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  • Admixture Question?

    If my admixture result says for example 10% African then the generation that it represents, if it was the result of one person, would be either a Great of GG Grandparent - correct?

    And if there is no G or GG grandparent then each successive ancestral generation would have to include more indviduals to make-up that 10% -correct?

    And if I go back say 6-7 generations without discovering any what could this mean? I mean the farther you go back you would have to find more and more individuals to make-up that 10% in the present generation - correct? 10% on a test like the Geno 2.0 could not be in error - at least very unlikely - right?

    Does it seem likely that someone with a present 10% could not find one individual back to 6-7 generations yet expect to have a number of individuals further back that contributed to this result? I know it is possible that, say, 10 generations ago 6 or 7 Africans mixed with 6 or 7 Europeans and that those 6 or 7 Mixed persons passed on thier genes which ended-up with a present result of 10% in a single person in this generation - but how likely is that. In my paper records (I know their could be errors there) I just don't see it.

    What I am missing except that it is past 1:00 am and I need to go to bed?
    Last edited by JTR; 18 October 2012, 04:08 AM.

  • #2
    If you have 10% African ancestry, then your most probable African ancestor was one of your great grandparents--if you have only one African ancestral line. It appears that you understand that your African ancestry may lie farther back if there are more lines. You may discern whether or not you have multiple African lines or only one by examining the distribution of DNA from these lines on your chromosomes. If it is concentrated mostly in one or two large segments, then it is probably limited to a single line and is relatively close. If it is distributed across multiple smaller segments, then you probably have multiple African ancestral lines.

    Understand that physical appearance can be very misleading about ancestral makeup. The place for you to start looking for your African ancestors is your grandparents. You have only four of them. Your recent African ancestor was the parent of one of your four grandparents.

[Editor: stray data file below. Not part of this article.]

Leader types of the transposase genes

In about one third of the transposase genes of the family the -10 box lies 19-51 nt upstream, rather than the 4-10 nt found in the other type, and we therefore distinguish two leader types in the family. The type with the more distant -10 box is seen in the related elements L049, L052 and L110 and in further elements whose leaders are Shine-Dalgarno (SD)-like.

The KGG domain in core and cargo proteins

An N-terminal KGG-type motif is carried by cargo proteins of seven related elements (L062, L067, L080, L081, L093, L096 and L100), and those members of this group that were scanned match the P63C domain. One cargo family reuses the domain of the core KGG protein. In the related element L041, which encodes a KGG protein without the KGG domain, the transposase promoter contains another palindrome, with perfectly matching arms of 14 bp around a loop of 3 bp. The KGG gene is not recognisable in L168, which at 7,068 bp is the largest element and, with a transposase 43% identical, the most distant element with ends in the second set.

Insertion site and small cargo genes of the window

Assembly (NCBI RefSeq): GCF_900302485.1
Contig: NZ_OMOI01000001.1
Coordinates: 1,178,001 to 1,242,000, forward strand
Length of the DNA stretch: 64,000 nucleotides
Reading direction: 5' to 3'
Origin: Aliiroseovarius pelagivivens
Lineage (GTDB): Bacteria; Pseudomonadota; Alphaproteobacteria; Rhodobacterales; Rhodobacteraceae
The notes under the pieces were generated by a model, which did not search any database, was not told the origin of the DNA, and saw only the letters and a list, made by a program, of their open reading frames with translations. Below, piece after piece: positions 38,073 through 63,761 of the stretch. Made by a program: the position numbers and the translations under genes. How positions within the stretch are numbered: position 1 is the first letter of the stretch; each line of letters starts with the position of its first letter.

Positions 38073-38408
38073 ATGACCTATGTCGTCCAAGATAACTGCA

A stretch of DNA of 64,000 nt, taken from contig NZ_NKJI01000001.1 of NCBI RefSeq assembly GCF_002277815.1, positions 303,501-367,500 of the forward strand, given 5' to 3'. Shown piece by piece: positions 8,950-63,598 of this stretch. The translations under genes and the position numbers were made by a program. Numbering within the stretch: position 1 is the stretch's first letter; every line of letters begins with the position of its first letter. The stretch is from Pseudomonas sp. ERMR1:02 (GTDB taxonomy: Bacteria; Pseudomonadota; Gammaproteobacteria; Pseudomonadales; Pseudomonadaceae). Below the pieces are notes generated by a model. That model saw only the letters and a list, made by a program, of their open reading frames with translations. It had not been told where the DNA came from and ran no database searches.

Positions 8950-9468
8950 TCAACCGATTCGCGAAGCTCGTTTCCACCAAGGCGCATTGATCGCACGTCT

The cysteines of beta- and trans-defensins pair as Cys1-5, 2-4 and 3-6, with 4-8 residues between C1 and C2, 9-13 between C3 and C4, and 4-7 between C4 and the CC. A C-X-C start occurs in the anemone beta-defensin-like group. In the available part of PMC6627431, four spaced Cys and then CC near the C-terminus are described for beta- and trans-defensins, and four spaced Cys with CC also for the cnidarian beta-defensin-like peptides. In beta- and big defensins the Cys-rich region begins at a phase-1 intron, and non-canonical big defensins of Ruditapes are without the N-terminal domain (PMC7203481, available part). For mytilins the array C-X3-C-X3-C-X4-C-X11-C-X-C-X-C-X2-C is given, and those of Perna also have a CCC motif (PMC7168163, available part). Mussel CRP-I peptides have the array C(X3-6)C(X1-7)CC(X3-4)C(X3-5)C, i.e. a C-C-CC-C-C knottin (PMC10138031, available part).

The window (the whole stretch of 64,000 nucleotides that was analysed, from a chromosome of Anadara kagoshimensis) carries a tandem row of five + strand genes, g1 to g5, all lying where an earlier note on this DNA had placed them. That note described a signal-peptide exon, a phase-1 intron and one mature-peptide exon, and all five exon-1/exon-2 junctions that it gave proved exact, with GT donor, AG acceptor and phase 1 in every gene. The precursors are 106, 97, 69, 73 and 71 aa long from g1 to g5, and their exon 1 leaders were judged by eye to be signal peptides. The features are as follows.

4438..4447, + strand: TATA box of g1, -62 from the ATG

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    • #3
      The answer actually depends on which test gave you 10%. Was it Population Finder or a different test?

      Comment


      • #4
        Originally posted by MFWare View Post
        If you have 10% African ancestry, then your most probable African ancestor was one of your great grandparents--if you have only one African ancestral line. It appears that you understand that your African ancestry may lie farther back if there are more lines. You may discern whether or not you have multiple African lines or only one by examining the distribution of DNA from these lines on your chromosomes. If it is concentrated mostly in one or two large segments, then it is probably limited to a single line and is relatively close. If it is distributed across multiple smaller segments, then you probably have multiple African ancestral lines.

        Understand that physical appearance can be very misleading about ancestral makeup. The place for you to start looking for your African ancestors is your grandparents. You have only four of them. Your recent African ancestor was the parent of one of your four grandparents.
        Thanks for the response!

        In regard to the above highlighted section - that would be chromosome painting or ancestry painting - correct? If so I understand that and would expect a more scattered distribution. Although my fathers father did 'look' Puerto Rican -although nothing in the paper trail suggests any african ancestor. My mom's side did have a few ancestors that owned slaves but again the paper trail says nothing about any admixing.

        I just find it harder to believe that there would be multiple African lines rather than just a more recent individual. I have pretty good paper records back to 5-6 generations so it must be before that.

        Question: I ordered the Geno 2.0 test to confirm this result (which was from a very early autosomal SNP test which tested for 176 markers in 2006 - do not know how reliable that is?). Would I be able to use the raw data from the Geno 2.0 to get a ancestry painting from a third party like FTDNA or someone else?

        My strategy at this point is to conform this earlier result with my mom and me taking the Geno 2.0 and then getting both painted - hope that would go along way in helping.
        Last edited by JTR; 19 October 2012, 01:12 PM.

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        • #5